If you are faced with tooth loss, crown and bridge treatment may be the best option for you. A bridge is a custom-made device anchored to neighboring natural teeth, which replaces one or more missing teeth. When a lost tooth is replaced with bridgework, the teeth on either side of the missing one are prepared as crowns to hold the bridge in place. Bridges, sometimes referred to as a fixed partial denture, look natural and literally bridge the gap where one or more teeth have been. Fixed bridges appear and function similar to natural teeth and remain in the mouth at all times. They can only be removed by your dentist.
Benefits of Crown and Bridge Treatment
- Restores lost teeth and supports remaining teeth
Restores and maintains your natural bite
- Prevents undue stress on natural teeth
- Improves your speech, smile and chewing ability
- Helps prevent further dental decay and gum disease
- Prevents tilting and shifting of adjacent teeth
A crown or “cap” is a tooth-like covering placed over an existing tooth that has been specially prepared by your dentist. Crowns help to strengthen and restore or improve the appearance of your natural teeth. In addition to strengthening a tooth to accommodate the attachment of a bridge, crowns serve many functions. One of the most common is to support the tooth when there is no longer sufficient tooth structure left to place a filling. Crowns and bridges are most often made of superior materials such as semi-precious or precious metals, porcelain or a combination of metal fused to porcelain.
Crown and Bridge Procedure
Once it is determined you need a crown and bridgework, a series of appointments will be scheduled.
- At the first appointment you will undergo a complete oral examination. If X-rays are required, they are taken. Next, the abutting teeth are reduced to accept crowns and impressions are made. A dental laboratory will use these impressions as a model to create the bridge, false tooth and crown. Your teeth are then fitted with a temporary crown or bridge to protect your teeth until the next appointment.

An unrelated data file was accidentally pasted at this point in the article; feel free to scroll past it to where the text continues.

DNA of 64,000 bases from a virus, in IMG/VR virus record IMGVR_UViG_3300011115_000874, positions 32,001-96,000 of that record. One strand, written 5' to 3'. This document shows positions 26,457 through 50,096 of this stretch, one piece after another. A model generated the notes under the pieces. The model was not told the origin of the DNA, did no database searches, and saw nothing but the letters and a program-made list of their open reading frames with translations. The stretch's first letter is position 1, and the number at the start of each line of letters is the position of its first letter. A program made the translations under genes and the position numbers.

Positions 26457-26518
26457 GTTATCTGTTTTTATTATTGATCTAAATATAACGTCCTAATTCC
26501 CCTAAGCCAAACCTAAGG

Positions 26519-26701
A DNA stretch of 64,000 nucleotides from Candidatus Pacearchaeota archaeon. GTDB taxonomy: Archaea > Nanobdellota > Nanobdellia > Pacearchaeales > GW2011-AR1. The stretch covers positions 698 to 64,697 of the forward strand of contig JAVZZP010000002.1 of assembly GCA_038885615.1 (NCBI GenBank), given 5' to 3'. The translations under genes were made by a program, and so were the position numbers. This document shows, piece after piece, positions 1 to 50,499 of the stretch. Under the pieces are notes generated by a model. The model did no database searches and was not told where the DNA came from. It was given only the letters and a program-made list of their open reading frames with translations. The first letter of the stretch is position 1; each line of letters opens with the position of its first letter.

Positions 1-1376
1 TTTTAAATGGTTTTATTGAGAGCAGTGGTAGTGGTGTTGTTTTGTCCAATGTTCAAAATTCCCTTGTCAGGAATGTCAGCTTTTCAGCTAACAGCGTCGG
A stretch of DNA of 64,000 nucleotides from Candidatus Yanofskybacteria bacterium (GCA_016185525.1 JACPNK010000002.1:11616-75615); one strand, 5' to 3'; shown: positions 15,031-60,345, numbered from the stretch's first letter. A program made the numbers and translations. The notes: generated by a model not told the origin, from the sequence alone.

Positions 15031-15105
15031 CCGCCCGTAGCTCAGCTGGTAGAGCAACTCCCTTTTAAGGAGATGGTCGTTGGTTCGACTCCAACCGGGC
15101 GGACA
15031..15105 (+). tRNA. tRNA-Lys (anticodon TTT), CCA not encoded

- At the second appointment, your cosmetic dentist will make any necessary adjustments before cementing it permanently. The dentist will take time to color match the bridge so it looks natural, check your chewing and biting for accuracy and ensure the bridge conforms to the surrounding tissue. It is common for your teeth to be mildly sensitive to extreme temperatures for a few weeks after the procedure.
Caring For Bridges
Good oral hygiene can help your bridge last a long time. If you do not properly control the build up of food debris and plaque, your teeth can become infected, resulting in decay and the potential loss of your bridge. With proper care, a bridge can last eight to ten years, or longer. The difference between proper and improper care generally determines the success of the dental bridge.
Proper care tips include:
- Brush the surface and sides of your bridge like you do your natural teeth with fluoride toothpaste and a soft-bristled brush after each meal
- Floss at least once daily. Special thin floss can help keep your bridge clean
- Use an interdental brush to clean between the large spaces
- Have you teeth cleaned by you dental hygienist every six months
- Avoid sticky foods like caramel, gum and taffy and crunchy foods like hard candy
- Do not chew on ice cubes
The Cost of Bridges
The average cost of a single fixed bridge depends on where you live and which type of bridge you require. Dental insurance usually pays for approximately half of the cost.
Bridgework is a long-term solution that can help prevent a cycle of problems that can occur with a missing tooth. Whether it’s due to decay, gum disease, injury or accident, losing a tooth can cause many serious problems for your neighboring natural teeth. Usually, in just two appointments you can restore your smile, enhance your appearance and improve your overall dental health. To find out more about crown and bridgework, consult your dentist or hygienist.